So it’s the day after Easter–formally known as Easter Monday. We just went through the Superbowl of Christian celebrations as well as Passover for Jewish readers.
For those of you who, like me, go whole hog (apologies to readers who keep Kosher) you’ve been a worship-warrior. For those C&E’s, (Christians who only go to church on Christmas and Easter) and whatever the Jewish equivalent to a C&E is, then maybe this is the year to step it up a little.
Just the way our cars need periodic service, so do our bodies and minds. Thankfully, we have specialists to attend to those needs.
But what I’m more interested in today is spiritual. How’s your inner peace hanging?
One of my favorite traditions at this time of year is to listen to the rock opera Jesus Christ Superstar which I memorized back in the seventies, and love to sing along to. (Pity those who have to listen to me sing, but that’s another story. Hopefully, it sounds beautiful to God’s ears.)
I also love to attend Easter worship, enjoy a special holiday dinner, and gift my children with baskets of chocolate goodies. I usually wind down by watching The Ten Commandments despite knowing my husband will do Yul Brenner imitations (“So it is written, so let it be done…and dead man make none“) for the next month.
But now that Easter and Passover is behind us, maybe it’s a good time to do a spiritual check up, so we keep the most critical part of ourselves on track between now and Christmas or Hanukkah.
If you haven’t checked out a church for quite some time, or you consider yourself more “New Age,” then let me ask you, “How’s your life going?”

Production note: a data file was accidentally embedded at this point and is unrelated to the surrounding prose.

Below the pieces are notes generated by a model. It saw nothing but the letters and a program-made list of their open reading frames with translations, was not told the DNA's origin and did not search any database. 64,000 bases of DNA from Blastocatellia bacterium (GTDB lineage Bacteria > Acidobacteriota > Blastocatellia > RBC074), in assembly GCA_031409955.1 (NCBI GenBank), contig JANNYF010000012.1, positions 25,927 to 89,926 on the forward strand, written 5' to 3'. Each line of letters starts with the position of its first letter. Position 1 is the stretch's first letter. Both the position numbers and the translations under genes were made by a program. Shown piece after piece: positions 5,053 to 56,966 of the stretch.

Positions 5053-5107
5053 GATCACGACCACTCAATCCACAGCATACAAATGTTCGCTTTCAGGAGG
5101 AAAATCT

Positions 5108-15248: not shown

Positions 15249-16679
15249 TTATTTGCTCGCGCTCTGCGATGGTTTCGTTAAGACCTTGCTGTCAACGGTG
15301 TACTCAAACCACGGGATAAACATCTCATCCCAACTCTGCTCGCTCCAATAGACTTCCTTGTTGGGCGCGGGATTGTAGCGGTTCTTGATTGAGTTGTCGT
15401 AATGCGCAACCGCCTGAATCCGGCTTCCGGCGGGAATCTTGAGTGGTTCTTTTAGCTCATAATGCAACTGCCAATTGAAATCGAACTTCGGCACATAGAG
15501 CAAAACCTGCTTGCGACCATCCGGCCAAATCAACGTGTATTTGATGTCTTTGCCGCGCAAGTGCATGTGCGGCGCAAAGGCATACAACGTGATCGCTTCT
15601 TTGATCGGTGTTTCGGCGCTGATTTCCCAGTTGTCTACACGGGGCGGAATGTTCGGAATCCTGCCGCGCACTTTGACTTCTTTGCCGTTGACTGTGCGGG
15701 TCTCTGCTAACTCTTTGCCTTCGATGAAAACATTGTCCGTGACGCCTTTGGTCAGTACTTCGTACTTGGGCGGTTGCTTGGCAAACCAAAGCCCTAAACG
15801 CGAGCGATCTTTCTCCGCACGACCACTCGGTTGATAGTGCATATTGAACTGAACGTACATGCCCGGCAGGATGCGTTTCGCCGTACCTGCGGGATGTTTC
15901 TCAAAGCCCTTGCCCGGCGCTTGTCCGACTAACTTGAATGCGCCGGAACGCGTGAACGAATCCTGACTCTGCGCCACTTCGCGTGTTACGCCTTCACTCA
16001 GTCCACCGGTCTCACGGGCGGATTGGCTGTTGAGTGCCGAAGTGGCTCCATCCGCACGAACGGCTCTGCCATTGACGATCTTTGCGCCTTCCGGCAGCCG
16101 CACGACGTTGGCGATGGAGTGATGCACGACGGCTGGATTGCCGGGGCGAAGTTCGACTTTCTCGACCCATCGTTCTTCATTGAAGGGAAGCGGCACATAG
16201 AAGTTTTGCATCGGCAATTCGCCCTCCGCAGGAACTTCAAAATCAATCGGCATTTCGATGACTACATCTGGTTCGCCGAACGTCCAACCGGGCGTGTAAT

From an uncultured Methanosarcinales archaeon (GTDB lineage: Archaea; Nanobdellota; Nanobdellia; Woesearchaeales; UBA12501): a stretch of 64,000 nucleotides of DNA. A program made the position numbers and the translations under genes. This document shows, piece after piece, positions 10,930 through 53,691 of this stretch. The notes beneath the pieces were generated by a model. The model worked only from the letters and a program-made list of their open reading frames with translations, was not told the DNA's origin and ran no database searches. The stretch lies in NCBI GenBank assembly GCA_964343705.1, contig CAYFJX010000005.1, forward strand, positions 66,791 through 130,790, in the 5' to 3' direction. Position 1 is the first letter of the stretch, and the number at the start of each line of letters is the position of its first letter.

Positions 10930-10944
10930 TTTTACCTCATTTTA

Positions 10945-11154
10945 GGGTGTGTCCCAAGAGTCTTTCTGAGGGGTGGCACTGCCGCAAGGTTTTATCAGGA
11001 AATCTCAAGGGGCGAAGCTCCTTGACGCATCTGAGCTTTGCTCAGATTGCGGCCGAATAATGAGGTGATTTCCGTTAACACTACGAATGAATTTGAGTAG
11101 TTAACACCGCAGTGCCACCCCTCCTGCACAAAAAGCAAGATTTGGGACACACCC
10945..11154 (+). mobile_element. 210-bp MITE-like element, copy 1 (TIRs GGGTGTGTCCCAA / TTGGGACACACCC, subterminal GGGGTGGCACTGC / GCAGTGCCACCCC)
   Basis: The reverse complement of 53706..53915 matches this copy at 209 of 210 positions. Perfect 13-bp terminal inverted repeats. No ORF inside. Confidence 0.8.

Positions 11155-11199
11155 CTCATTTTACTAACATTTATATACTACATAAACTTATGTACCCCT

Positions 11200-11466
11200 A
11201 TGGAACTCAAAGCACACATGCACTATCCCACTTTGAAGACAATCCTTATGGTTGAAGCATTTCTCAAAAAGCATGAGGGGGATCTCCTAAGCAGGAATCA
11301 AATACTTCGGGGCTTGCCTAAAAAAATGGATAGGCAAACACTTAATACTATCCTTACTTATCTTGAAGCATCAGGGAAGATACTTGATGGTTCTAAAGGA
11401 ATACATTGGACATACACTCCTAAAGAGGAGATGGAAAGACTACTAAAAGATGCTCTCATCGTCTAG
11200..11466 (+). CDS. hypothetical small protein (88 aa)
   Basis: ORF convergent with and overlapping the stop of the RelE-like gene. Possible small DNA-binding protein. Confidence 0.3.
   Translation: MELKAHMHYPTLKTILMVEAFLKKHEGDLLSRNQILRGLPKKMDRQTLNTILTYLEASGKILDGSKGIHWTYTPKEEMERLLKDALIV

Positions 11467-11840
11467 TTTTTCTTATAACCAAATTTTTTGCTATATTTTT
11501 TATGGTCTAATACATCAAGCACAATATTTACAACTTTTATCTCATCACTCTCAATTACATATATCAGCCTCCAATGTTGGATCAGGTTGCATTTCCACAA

Personally, every single time my family stopped going to church, our lives pretty much went to hell…
I’m not a stupid woman. When my life is going off the rails, I know it’s because I’ve gone astray. For us, church works. Even when we’re in a congregation where we know few people, it still is empowering to sing praise with others and listen to God’s word and encouragement in a public place. It’s quiet time and thinking time and singing time and praying aloud time and, mostly, time that strengthens the individual and the family.
That being said, back to looking within.
Consider the following ten questions. You may want to use these to develop a personal statement of faith or as a springboard for discussion with your main squeeze or even a friend or two.
What are your prayer habits? Where do you pray? How often?
When praying, do you recite memorized prayers or Bible passages or speak from the heart?
When you pray, do you remember ACTS?
- ADORATION (Praise God for being, well, God–a God who is dialed into us and loves us);
- CONFESSION (Talk to God about things that you have messed up–your sins–yes, even your pet sin);
- THANKSGIVING (What are you particularly thankful for at the moment? Acknowledge the abundance He has gifted you), and;
- SUPPLICATION (What do you need from God? This is the part most of us skip right to when we’re in trouble. Which is usually.)
Do you read the Bible and/or other literature that strengthens your relationship with God?
Think of a time God intervened in your life? (Remember, faith in God includes faith in his timing.) What happened?
How did you come to learn about God?
Who was influential in your spiritual development? How so?
In what ways do you LIVE YOUR FAITH?
Is your spiritual health is as essential as your physical, emotional, and intellectual health?
If so, in what ways could you become stronger in your faith?
Writing your own personal story of your faith can be an eye-opening exercise. Remember, writing is a higher-level thinking activity and will require you to truly examine your heart in composing an accurate picture of your spiritual life.
If writing is just not your bag, then have an honest talk with yourself about your walk with God, or use these questions to have a discussion with a loved one, friend, or even that person you’re not all that fond of, but who sticks to you like a piece of toilet paper on your shoe. Maybe there’s a reason they are trying to be part of your life.
You never know the difference you might make for someone else.
And isn’t that what spirituality is all about?